2019 NASCAR Awards – The Good & the Bad

Photo via @homesteadmiami/Instagram

After one of the most divisive seasons in NASCAR history, due to a certain type of aero package, I hand out some awards to wrap the association’s 71st season. Some good and some….not so good.

Most Valuable Driver: Denny Hamlin

I know he did not win the championship but Hamlin was the cream-of-the-crop when it came to consistency this season. It was going to go to one of the big three Joe Gibbs Racing drivers and I just had to give to Hamlin and the 11 team. The most impressive part of his six-win season was that they all came at different-style tracks: Daytona(superspeedway), Texas & Kansas(1.5 miles), Bristol(short track), Dover & Phoenix(1 mile). I know Hamlin is disappointed with the outcome of Homestead but he should be proud of his accomplishments this season and come back to 2020 even more hungry than this year.

2019 Stats: six wins, 19 top-fives, 24 top-tens, three poles, 922 laps led, an average finish of 9.5, 1 DNF

Most Valuable Crew Chief: Chad Knaus

What a difference a crew chief can make in a driver’s career. William Byron had high hopes when he entered the Cup Series in 2018 but could not live up to the unprecedented hype given to him. He finished that season with only four top-tens and an average finish of 22.1. Enter 2019 and Byron finds himself with the seven-time champion crew chief, Chad Knaus. Byron would go on to win five poles and claim five top-fives, 13 top-tens, and improved his average finish by 7.2 with a 14.9 average finish. While he could not find a win this season, Byron has a lot of momentum heading into 2020 with Knaus.

Best Race: Geico 500, Talladega Superspeedway(Spring race)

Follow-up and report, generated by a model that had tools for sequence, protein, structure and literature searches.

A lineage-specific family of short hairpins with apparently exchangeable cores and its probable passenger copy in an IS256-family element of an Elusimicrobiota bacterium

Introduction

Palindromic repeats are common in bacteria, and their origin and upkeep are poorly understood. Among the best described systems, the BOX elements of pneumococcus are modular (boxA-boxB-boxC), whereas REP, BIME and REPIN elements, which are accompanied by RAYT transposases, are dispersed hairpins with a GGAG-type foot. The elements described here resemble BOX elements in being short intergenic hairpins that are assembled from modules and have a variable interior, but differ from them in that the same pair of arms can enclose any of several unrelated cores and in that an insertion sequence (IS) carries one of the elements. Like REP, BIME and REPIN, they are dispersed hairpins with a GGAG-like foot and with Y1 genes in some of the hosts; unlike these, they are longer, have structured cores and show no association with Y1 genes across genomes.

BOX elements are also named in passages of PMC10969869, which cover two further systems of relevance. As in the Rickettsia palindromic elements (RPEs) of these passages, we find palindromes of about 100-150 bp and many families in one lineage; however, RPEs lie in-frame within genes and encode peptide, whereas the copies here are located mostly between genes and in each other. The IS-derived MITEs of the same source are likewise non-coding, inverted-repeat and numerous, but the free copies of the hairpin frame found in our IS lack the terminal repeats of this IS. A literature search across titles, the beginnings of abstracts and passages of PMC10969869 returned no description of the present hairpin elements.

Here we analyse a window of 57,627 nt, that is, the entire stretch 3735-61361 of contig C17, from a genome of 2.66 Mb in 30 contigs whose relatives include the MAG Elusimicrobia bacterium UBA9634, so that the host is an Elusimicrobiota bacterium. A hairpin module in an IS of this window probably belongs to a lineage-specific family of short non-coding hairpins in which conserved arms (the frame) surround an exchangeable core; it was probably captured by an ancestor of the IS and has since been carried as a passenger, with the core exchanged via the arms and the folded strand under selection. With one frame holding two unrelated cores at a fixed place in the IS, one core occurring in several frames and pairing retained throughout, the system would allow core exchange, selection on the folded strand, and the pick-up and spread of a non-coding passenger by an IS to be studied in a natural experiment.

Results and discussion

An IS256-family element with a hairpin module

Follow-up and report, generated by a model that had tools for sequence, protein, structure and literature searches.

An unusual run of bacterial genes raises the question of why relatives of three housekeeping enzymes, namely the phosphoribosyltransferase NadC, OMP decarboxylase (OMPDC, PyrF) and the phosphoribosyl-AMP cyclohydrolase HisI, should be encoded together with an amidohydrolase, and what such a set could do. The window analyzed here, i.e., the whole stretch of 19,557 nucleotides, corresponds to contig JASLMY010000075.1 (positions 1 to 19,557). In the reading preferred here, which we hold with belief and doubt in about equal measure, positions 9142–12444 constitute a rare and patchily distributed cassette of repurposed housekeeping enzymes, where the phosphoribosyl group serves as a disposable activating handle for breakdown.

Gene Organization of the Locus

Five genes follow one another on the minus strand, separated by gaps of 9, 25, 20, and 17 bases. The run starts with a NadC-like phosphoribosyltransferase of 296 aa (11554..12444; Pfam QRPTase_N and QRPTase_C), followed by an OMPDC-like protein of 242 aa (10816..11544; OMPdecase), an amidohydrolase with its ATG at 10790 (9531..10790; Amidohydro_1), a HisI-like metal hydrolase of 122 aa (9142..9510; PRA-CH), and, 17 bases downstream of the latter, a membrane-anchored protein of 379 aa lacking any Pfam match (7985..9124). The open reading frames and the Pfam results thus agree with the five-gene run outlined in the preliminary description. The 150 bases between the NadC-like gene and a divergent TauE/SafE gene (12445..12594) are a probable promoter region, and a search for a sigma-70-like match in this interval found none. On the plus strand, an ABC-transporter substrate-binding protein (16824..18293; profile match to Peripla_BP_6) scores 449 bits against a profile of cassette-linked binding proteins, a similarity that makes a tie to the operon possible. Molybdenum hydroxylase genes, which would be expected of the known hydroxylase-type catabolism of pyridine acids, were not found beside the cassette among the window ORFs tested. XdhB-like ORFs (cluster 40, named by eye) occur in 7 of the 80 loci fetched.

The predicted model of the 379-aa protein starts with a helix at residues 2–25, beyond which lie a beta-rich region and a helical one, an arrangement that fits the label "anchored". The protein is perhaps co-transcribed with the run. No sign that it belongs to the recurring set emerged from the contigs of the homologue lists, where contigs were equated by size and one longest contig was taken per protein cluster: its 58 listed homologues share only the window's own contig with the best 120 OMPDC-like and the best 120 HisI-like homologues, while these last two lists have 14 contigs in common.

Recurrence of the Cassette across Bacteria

You may have hated the new aero package on 1.5-mile tracks but you cannot deny how great it was at Daytona and Talladega this year. I have to give the nod to the Spring Talladega race because most drivers were able to finish this one, unlike the July Daytona race and the Fall Talladega race. This was the debut of this package on a superspeedway and it delivered in every way possible. Drivers were able to get big runs in the draft, cars were not as aero-loose as they were with the last superspeedway aero package used, and these cars were FAST. These cars would get up to at least 205 MPH, which delivered some of the most nerve-wracking moments this season. It ended in chaos with a very scary flip involving Kyle Larson but outside of that, all 188 laps of this race were pure beauty and represented everything that NASCAR is about.

Co-Rising Stars: Ross Chastain & Matt DiBenedetto

Ross Chastain had one of the busiest seasons of any driver in motorsports during 2019. In the middle of the year, Chastain decided to run for a truck series championship with Niece Motorsports, which wounded up being the best move to further his career. The watermelon farmer racked up three wins in the truck series with an average finish of 8.6; culminating in a Championship 4 appearance. While he could not claim the title, Chastain earned numerous fans with his aggressive brand of racing and a patented victory celebration that involves watermelon violence.

What else can you say about Matty D? He has gone from an average of 32nd in 2015 and, in only four years, has lowered it to 18.3. While the move to Leavine Family Racing only lasted a year, he made the most of it and became the most popular driver of the season. He led the most laps at this year’s Daytona 500 and was in a position to win it until he was involved in the “Big One” with 10 laps to go. He won the hearts of fans after his gut-wrenching interview after the Bristol Night Race, where he finished second after being passed by Denny Hamlin with just a few laps to go. He also was a road-course king with a fourth and sixth-place finish at Sonoma and Watkins Glen respectively. Next season, DiBenedetto will replace Paul Menard at Wood Brothers Racing in the 21 car and will look to score his first career victory.

Most Improved Driver: Chris Buescher